The company has separate customer service lines by language and gives members flexibility on how and where to spend their allowances for benefits like fitness programs.

Winston said the plan began with 500 members in January 2021 and is now up to 14,000 (still very small compared with mainstream plans). Herbal supplement benefit dollars vary by plan, but more than 200 products traditionally used by Asian clients are on offer, with coverage of up to several hundred dollars per quarter.

Sachin Jain, a physician and the CEO of SCAN Group, said its LGBTQ+ plan serves 600 members.

“This is a group of people who, for much of their lives, lived in the shadows,” Jain added. “There is an opportunity for us as a company to help affirm them, to provide them with a special set of benefits that address unmet needs.”


Alignment also has an offering aimed at Latinos, dubbed el Único, in parts of Arizona, Nevada, Texas, Florida, and California.

SCAN has run into bias issues itself, with some of its employees posting hate speech and one longtime provider refusing to participate in the plan, Jain recounted.

Alignment Health offers a plan targeting Asian Americans in six California counties, with benefits such as traditional wellness services, a grocery allowance for Asian stores, nonemergency medical transportation, and even pet care in the event a member has a hospital procedure or emergency and needs to be away from home.

Alignment also has an offering aimed at Latinos, dubbed el Único, in parts of Arizona, Nevada, Texas, Florida, and California. The California product, an HMO co-branded with Rite Aid, is available in six counties, while in Florida and Nevada, it’s a so-called special needs plan for Medicare beneficiaries who also qualify for Medicaid. All offer a Spanish-speaking provider network.

Todd Macaluso, the chief growth officer for Alignment, declined to share specific numbers but said California membership in Harmony — its plan tailored to Asian Americans — and el Único together has grown 80% year over year since 2021.

Alignment’s marketing efforts, which include visiting places where prospective members may shop or socialize, are about more than just signing up customers, Macaluso said.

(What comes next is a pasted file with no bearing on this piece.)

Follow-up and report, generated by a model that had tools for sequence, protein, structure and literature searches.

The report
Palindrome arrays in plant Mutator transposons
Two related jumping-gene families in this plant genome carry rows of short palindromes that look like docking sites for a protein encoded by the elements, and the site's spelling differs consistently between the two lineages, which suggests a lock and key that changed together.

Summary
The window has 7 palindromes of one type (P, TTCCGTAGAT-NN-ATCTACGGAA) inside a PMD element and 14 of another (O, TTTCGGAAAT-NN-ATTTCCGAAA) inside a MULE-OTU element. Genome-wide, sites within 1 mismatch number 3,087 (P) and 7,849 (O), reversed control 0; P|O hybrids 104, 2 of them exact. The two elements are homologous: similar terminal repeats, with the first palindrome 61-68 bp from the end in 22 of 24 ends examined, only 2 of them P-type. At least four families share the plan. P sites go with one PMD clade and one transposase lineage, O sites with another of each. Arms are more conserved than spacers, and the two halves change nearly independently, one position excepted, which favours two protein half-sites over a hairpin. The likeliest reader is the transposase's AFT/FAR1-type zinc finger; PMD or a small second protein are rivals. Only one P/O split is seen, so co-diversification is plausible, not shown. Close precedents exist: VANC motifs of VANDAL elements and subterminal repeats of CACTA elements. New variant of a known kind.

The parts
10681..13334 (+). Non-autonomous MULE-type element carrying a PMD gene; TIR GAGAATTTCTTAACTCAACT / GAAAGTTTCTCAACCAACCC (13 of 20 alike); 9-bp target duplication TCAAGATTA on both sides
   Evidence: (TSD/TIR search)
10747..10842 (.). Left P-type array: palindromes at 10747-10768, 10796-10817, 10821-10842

“Being present there means we can see what works, what’s needed, and build it out. The Medicare-eligible population in Fresno looks very different from one in Ventura.”

“Just having materials in the same language is important, as is identifying the caller and routing them properly,” Macaluso added.

Blacks, Latinos, and Asians overall are significantly more likely than white beneficiaries to choose Medicare Advantage plans, according to recent research conducted for Better Medicare Alliance, a nonprofit funded by health insurers. (Latino people can be of any race or combination of races.) But it’s not clear to what extent that will translate into the growth of targeted networks: Big insurers’ Medicare Advantage marketing efforts often target specific racial or ethnic cohorts, but the plans don’t usually include any special features for those groups.

Utibe Essien, an assistant professor of medicine at UCLA, noted the historical underserving of the Black community, and that the shortage of Black physicians could make it hard to build a targeted offering for that population. Similarly, many parts of the country don’t have a high enough concentration of specific groups to support a dedicated network.

Still, all three companies are optimistic about expansion among groups that haven’t always been treated well by the health care system. “If you treat them with respect, and bring care to them the way they expect it, they will come,” Winston said.

This article was produced by KFF Health News, which publishes California Healthline, an editorially independent service of the California Health Care Foundation. 

KFF Health News is a national newsroom that produces in-depth journalism about health issues and is one of the core operating programs at KFF—an independent source of health policy research, polling, and journalism. Learn more about KFF.

Helpful hints to lower your power bill this winter

To save money on your heating bill remember to close your fireplace damper if you’re not going to be using it and consider investing in a glass screen that lets heat radiate but prevents warm air from getting vented out the chimney
Photo: Pavel Danilyuk/PEXELS
NAPSI — Now is the time for New York residents to make sure their homes are as energy efficient as possible when storms and cold temperatures hit and in the rare event of a power outage.

Here are some simple steps you can take to help keep monthly power bills down:

Short-term actions

Schedule an annual maintenance appointment for your furnace, boiler, or heat pump. They should be checked, cleaned, and repaired annually. This will:

•Improve efficiency
•Find small problems before they become big problems
•Extend the life of your furnace

Bleed radiators. Letting out air that gets trapped in your heating system will heat your home more effectively and reduce energy bills. If you hear pipes banging or gurgling, it’s a sign your system needs to be bled.

Service chimneys. Also, close your fireplace damper if you’re not going to be using it and consider investing in a glass screen that lets heat radiate but prevents warm air from getting vented out the chimney.

Weatherstrip doors and windows. A removable door draft stopper can make a big difference.

Make sure air vents aren’t blocked. If furniture or curtains block your vents, the furnace works harder than it should to warm the house, driving fuel costs up. If you really like the position of furniture covering a vent, consider a low-cost vent extender.

Conserve & Manage Energy Use